I believe my face gave it away. David Nelson offered nothing in the way of gallantry; after all, he was in detention virtually every other afternoon so it must of been a novel experience to watch someone else get in trouble.

"Natalie." she said flatly. "I never expected something like this from you."

Then she raised her arm, forming a level at her eyeline. "You have just gone from this..."

She jerked her hand downwards, bringing the "level" closer to her stomach. The meat curtain trembled.

"...to this."

My eyes filled with tears, and I put my head down, attempting to hide my scarlet face.

David Nelson, needless to say, was highly amused by the whole incident.

I believe I received another stern talking to from Mrs Crombie once class finished, then spent lunch crying.

Good times.

Anyone else have a good Year Nine ShiteBag story?


  1. Would it be worse to be a tit in a poo bag, or a poo in a bra?

  2. I believe the disturbing and too familiar image of teacher arms with trembling meat curtains has effectively removed any recollection I might have of year nine.

  3. I was an exemplary student all the way through school, but as a collective our year 9 cohort caused two teachers to take psychiatric leave, and another to abandon his teaching career all-together.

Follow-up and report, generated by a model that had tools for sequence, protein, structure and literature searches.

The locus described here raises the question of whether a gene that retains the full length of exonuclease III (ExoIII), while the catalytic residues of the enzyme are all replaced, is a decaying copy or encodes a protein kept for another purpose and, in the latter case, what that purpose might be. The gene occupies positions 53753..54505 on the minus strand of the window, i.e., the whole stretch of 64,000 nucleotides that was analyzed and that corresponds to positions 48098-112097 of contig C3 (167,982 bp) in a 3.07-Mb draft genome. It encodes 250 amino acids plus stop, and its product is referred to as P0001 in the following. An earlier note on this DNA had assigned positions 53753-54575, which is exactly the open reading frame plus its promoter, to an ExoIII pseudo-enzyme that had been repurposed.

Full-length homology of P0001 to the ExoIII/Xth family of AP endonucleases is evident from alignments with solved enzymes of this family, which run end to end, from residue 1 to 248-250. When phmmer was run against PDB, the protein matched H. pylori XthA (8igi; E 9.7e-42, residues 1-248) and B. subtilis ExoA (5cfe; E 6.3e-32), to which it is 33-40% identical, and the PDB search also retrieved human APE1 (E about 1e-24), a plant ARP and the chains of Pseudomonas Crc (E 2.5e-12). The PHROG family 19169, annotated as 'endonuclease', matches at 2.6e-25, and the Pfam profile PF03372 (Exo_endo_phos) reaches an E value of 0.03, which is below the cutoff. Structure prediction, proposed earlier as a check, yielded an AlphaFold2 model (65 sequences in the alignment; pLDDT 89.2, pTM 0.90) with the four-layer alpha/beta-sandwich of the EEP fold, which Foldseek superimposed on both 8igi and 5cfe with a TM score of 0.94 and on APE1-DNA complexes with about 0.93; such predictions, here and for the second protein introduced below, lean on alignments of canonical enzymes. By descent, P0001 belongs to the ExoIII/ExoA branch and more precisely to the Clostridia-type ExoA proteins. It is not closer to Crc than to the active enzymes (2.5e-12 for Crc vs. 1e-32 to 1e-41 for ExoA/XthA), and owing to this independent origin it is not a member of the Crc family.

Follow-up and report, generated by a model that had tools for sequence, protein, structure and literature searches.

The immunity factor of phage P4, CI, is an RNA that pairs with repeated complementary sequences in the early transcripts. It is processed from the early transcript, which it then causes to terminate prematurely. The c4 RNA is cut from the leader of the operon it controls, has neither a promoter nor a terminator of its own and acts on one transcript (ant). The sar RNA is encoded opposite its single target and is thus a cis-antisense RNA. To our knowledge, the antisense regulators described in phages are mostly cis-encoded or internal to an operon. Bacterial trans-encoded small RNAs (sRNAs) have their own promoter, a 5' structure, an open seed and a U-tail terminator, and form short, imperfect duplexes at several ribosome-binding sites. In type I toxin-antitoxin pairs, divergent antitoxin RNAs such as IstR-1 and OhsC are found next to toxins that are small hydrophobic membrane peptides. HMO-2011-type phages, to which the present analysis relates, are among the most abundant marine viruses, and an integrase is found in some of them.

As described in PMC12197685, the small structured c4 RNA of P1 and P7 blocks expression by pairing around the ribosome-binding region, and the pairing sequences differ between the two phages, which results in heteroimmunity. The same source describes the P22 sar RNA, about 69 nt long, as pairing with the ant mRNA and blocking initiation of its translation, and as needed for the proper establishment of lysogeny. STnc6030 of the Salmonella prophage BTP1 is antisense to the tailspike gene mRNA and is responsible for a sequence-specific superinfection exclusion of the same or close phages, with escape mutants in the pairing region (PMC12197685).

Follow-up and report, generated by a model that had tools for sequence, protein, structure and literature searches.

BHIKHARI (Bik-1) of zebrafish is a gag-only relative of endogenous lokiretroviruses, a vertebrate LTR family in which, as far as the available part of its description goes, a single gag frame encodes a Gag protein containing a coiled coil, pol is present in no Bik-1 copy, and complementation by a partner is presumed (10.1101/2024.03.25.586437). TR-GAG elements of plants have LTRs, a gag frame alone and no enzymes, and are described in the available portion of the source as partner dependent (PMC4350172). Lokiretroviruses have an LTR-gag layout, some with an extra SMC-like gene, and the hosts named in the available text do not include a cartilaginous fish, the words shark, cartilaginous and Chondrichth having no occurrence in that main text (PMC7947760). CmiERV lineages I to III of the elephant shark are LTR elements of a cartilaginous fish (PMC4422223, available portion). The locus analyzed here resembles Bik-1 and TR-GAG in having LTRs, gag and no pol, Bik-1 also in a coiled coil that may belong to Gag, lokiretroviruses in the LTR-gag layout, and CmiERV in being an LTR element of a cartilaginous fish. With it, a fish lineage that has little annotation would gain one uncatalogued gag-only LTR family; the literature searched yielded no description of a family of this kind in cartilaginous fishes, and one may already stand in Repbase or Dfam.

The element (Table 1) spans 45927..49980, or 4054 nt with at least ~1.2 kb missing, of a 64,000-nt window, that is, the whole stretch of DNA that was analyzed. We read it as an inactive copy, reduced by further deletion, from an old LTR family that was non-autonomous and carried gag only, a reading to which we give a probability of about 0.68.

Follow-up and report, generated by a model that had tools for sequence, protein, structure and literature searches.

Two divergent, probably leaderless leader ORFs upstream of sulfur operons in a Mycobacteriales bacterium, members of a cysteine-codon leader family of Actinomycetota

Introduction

4. I had an art teacher called Mrs Artuso.

    Our horror year was easily year 7 (first year high school in Vic), rather than year 9. That year, we banded together to terrify our history teacher, who looked like a pidgeon and couldn't control a group of 12-13 year olds.

    It's my understanding that by the end of year 9 (I had left in first term to move to QLD, and into year 10), that our year put that energy into hating each other.

  5. I think Tyler Durden says it best...

    "Listen up maggots. You are not special. You are not a unique or beautiful snowflake. You're the same decaying organic matter as everything else"

    "You are the all singing, all dancing crap of the world"

  6. I can honestly say I have no clear recollection of year 9

    I think you showed admiriable restraint by not calling on your legion of blog space followers to bring you the head of Mrs Crombie